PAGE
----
As the demand for musical reunions shows no sign of grinding to a halt just yet, it's heartwarming to see a band getting back together for reasons other than lucre. Step forward and take a bow Thousand Yard Stare, unsung heroes of the UK live circuit some quarter of a century ago. Having emerged in an era where interaction between audience and band was deemed to be key by many, Thousand Yard Stare earned a reputation as one of the most honest, diligent and approachable outfits on the circuit. At their most active between 1989 and 1992, barely a month would pass over that three-year period without the band being on the road at some point. Building up a hardcore following of devotees, many of whom would travel to every show, Thousand Yard Stare gigs became social events for those offstage as well as on it. An opportunity to catch up with old acquaintances and make new ones. From Nottingham to Newport, Birmingham to Basingstoke and beyond, they were a genuine word-of-mouth phenomenon. No airs, no graces, no pretense. They wrote songs about being outsiders in a smalltown, songs you and I could relate to. They started a label (Stifled Aardvark), designed their own merchandise, set up a fanclub (The Yardstick) and even sold the occasional live bootleg at shows. By the time criminally underrated debut album Hands On hit the shops in the early part of 1992 their faces had already adorned the front cover of Melody Maker. To this day it remains a mystery why Thousand Yard Stare didn't become a household name like their peers of the day. Less than two years later it was all over. Until now...
Having been toying with the idea of reuniting for a couple of years, the five core members - Stephen Barnes (vocals), Giles Duffy (lead guitar), Sean McDonough (bass), Kevin Moxon (rhythm guitar) and Dominic Bostock (drums) - finally got back in the rehearsal room just before Christmas of last year. Nowadays all based in various corners of the UK, while suggestions of playing a gig may have been off the agenda at that point, it was also somewhat inevitable. That they chose to reunite for a one-off show in aid of two charities close to their hearts also spoke volumes. It's also quite telling the band chose to play the intimate confines of Soho's tiny Borderline, resisting offers from promoters to upgrade to larger venues after tickets sold out within days of going on sale. As Stephen Barnes explained to DiS a couple of weeks before the show, "We always said any reunion gig would only be for charity". What they probably didn't expect to see was such a rabid audience anxious to devour every last morsel of their sixteen-songs.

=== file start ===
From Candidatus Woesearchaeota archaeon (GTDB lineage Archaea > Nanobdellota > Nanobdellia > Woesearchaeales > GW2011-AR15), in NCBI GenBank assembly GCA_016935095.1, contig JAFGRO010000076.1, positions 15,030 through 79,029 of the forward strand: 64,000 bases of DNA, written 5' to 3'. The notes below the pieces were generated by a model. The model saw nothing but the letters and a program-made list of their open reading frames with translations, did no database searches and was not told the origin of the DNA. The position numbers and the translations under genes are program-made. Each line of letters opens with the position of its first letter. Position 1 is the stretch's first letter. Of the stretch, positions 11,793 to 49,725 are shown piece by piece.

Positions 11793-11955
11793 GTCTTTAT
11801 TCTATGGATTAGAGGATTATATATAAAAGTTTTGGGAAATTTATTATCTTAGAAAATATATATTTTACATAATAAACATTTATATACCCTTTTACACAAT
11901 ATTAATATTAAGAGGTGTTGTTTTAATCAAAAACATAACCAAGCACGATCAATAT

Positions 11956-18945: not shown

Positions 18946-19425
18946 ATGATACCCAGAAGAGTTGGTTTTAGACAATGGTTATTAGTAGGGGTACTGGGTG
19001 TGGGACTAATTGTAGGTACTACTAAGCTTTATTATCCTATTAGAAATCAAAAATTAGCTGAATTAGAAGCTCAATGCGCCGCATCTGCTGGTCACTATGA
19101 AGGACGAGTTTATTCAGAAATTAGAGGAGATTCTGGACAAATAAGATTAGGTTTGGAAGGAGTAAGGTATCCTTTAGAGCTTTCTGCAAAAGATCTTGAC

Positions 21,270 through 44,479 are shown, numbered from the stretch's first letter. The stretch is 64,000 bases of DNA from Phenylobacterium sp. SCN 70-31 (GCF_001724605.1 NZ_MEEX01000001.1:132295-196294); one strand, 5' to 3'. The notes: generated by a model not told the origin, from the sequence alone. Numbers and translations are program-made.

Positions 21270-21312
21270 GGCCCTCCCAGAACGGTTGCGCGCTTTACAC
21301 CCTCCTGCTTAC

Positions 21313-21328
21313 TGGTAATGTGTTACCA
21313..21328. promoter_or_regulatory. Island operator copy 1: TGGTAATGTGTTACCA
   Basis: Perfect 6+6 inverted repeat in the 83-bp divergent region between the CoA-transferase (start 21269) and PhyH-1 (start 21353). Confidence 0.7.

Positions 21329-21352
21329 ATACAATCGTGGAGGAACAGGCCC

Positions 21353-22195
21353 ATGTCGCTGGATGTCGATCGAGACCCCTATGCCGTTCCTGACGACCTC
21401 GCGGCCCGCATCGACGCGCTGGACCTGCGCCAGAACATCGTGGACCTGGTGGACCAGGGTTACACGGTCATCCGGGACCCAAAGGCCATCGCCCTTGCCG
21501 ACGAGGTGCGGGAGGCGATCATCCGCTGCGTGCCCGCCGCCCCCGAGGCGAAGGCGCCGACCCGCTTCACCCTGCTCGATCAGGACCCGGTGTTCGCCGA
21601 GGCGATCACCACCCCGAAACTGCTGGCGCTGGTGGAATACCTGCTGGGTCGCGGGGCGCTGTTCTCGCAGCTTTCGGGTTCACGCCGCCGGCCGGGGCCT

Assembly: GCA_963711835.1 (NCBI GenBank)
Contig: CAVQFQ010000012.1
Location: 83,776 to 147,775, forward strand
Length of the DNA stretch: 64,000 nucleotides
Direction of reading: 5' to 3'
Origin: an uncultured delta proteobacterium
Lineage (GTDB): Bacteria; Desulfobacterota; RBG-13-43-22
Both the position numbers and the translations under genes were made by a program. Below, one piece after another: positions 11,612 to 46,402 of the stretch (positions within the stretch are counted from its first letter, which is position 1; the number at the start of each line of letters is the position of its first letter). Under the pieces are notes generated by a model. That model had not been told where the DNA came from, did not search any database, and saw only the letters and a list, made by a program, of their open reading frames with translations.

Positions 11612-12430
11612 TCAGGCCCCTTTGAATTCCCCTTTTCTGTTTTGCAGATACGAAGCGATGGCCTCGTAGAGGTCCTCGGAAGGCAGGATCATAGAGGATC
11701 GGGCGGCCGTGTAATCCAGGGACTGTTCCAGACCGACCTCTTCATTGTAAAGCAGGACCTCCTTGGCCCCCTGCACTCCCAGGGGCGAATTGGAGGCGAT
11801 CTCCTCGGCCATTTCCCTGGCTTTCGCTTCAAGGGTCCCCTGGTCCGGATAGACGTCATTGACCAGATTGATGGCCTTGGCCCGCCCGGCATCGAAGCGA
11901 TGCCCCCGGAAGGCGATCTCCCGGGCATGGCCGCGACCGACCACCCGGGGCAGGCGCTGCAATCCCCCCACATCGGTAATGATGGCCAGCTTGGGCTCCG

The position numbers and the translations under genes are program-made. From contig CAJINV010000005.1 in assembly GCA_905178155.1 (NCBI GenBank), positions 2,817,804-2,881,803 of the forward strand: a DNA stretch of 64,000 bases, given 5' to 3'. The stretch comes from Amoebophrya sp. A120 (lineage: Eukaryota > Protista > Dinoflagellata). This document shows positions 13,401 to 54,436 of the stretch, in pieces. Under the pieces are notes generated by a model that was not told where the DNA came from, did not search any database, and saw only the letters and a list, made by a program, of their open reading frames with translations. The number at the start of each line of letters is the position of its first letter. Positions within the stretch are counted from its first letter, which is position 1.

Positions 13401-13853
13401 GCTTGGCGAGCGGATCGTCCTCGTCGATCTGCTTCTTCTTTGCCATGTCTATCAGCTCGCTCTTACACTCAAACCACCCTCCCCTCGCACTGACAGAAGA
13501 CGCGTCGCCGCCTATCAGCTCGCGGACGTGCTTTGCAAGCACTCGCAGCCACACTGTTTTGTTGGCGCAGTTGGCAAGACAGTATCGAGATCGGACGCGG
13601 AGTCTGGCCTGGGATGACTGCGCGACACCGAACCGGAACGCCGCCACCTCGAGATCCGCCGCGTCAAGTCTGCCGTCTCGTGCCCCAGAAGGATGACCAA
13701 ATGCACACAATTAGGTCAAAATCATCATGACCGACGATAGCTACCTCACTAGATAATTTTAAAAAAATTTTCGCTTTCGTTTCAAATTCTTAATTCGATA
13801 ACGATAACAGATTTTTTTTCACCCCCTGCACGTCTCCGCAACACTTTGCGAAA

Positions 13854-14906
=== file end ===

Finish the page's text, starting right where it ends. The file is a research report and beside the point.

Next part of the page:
Beforehand, support act and long time associates SubRosa5 relived their own youthful exuberance with a set made up of original material and covers, most notably a psychedelic reworking of The Sandkings 'Uptight'. They're well received by a crowd almost exclusively made up of people over forty years of age.
With the atmosphere switching from excitement to tension and back again while the temperature's at boiling point, the cheer that greets Thousand Yard Stare's arrival on stage is deafening. The kind normally reserved for a football team. Opening with instrumental 'Junketing', a regular staple of the band's live set from back in the day, it takes all of about twenty seconds for a moshpit to materialise out front. By the time frontman Barnes joins them for 'Version Of Me', the band's final single and one of only three songs aired tonight off much-maligned second album Mappamundi, sweat disguised as condensation is literally dripping from the ceiling.
While first album tracks 'Cottager' and 'Seasonstream' understandably draw unabated rounds of applause, it's the more obscure 'Another And On' and 'Keepsake' that turn the Borderline into a heaving mass of bodies. Stagediving and crowdsurfing ensue - singer Barnes, clearly enjoying the occasion, being one of them. Some poor bloke even loses a tooth during 'Buttermouth', which he promptly hands to the bewildered singer at the song's close. 'Comeuppance', which gave the band a Top 40 singles chart placing back in 1992 follows suit. While a raucous 'What's Your Level' whips the room up into a frenzy before a rousing rendition of debut single 'Wonderment' - which Barnes dedicates to his mother who passed away recently - brings the first instalment of the show to a close.
Returning for an encore, instrumental rarity 'Spindrift' being the first of four songs before Barnes once again rejoins them for a joyous run through '0-0 A.E.T.' Just like the old days, there's a feeling of camaraderie as fallen bodies are helped off the floor, spilt pints replenished by provocateurs and a general feeling of goodwill all round. A cover of Wire's 'Strange' - another regular live feature way back when - brings up the rear before another of the band's former 45s 'Wideshire' ends proceedings.
As reunion shows go, this has a discerningly more celebratory edge about it than most. It may be 22 years since Thousand Yard Stare last shared a stage together but on this showing it seemed like they'd never been away. A fitting swansong? Or maybe the gateway to a full-blown reformation? Whatever Thousand Yard Stare decide to do in the future, tonight's performance will live long in the memory. Welcome back!
Photo courtesy of Ian Davies/ShootSpeedKillLight.